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A dental team typically includes a dentist, a dental hygienist, a dental assistant, and one or two staff. Both the dental hygienists and the dentists share the same passion and concerns, that is, to provide the best oral health care to patients. They also use the same dental instruments as Schultz optical loupes when carrying out dental tasks. But despite their similarities, they also differ in many ways.
Below are a few differences between a dentist and a dental hygienist.
Roles, duties, and responsibilities
Let us focus on the three major aspects that differentiate a dentist from a dental hygienist. Let us start off by understanding the respective roles, duties, and responsibilities of these two dental professionals.
The primary role of the dental hygienist in a dental practice is to stand as the first line of defense against oral problems and to provide early patient care. As a dental hygienist, you will be responsible for performing minor dental procedures like the routine check-up, teeth cleaning, teeth polishing, fluoride rinsing, and sealant application, among others. You will also be the one to take the x-rays of your patient's gums and teeth as well as to provide some tips about oral hygiene like how to properly floss and brush and the best diet for oral health.
On the other end, a dentist takes the major dental tasks whenever treatment is required. As a dentist, you will be responsible in coming up with a precise diagnosis of the oral problem and suggest an appropriate treatment plan for resolving the problem. You will also be the one to execute the treatment procedure.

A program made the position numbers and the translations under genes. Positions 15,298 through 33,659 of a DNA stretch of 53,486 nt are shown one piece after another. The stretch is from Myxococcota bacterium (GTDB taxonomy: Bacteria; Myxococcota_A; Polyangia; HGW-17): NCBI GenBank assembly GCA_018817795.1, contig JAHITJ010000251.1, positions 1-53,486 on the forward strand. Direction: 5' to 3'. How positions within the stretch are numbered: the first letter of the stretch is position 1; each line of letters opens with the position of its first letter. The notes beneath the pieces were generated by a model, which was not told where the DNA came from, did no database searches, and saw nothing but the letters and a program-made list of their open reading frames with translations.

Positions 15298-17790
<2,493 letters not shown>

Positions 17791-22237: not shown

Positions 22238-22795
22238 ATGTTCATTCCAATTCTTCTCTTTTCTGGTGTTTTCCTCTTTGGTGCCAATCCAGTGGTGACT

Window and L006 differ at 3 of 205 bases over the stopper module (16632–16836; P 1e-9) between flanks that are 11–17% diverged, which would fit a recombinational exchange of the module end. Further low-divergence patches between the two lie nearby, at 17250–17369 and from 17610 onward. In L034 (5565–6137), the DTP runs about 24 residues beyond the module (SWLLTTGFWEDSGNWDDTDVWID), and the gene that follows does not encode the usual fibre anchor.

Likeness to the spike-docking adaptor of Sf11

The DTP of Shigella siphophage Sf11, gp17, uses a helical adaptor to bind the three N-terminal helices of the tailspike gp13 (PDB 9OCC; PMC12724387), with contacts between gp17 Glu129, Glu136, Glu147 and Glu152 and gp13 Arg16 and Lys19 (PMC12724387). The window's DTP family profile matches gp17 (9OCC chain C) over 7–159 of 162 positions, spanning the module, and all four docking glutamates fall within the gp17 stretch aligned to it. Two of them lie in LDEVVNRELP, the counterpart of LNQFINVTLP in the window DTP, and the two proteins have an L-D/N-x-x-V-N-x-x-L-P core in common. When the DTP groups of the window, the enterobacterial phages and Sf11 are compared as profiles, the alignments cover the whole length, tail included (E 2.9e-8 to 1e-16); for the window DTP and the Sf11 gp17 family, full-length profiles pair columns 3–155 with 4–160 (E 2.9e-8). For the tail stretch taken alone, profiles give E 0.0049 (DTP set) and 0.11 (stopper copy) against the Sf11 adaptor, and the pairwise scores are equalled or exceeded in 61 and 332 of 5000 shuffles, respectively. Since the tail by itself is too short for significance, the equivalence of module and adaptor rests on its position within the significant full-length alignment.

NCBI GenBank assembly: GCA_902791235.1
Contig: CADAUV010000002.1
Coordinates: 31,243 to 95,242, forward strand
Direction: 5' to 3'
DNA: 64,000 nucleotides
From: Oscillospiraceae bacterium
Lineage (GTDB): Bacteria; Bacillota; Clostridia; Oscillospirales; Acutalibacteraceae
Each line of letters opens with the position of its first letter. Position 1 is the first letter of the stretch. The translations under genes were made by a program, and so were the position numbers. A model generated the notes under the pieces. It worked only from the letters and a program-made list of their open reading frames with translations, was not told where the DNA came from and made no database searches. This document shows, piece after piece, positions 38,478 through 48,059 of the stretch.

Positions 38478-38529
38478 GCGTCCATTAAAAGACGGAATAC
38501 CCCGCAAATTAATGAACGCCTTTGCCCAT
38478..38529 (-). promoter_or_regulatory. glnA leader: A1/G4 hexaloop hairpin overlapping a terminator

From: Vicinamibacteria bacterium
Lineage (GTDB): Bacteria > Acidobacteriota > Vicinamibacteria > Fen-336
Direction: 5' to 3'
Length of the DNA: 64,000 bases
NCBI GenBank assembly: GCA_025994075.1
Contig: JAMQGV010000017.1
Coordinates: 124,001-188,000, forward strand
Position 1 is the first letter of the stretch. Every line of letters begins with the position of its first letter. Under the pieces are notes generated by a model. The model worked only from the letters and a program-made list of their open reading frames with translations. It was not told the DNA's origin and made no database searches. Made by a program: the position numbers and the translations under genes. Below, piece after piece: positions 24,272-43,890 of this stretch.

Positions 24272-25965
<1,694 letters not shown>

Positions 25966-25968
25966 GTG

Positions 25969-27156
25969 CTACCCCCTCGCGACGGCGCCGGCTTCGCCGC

Dentists are considered as actual doctors and they also need to complete more years of education and training than dental hygienists. This is why they typically receive bigger compensation than the latter.
Training and education
Although both the dentist and the dental hygienist need to pass the licensure exam before they can practice dentistry, they differ in terms of education and training.
The training and education required for the dental hygienists are relatively less intense than the dentist. In order to become a dental hygienist, you need to complete either a two-year associate degree or a four-year bachelor's degree in dental hygiene. Once you have completed the required training and education from an accredited dental hygiene school, and you successfully pass the dental hygienist licensure exam, you will be given the privilege to add the initials RDH (Registered Dental Hygienist) after your name.
Unlike the dental hygienist, a dentist has to earn a degree first and then complete a 4-year education and training at a dental school before he or she is allowed to practice dentistry. After finishing 4 years of dental education, you can be able to practice general dentistry. However, if you want to specialize, you will still have to undergo two to four years of additional training mostly under a residency program.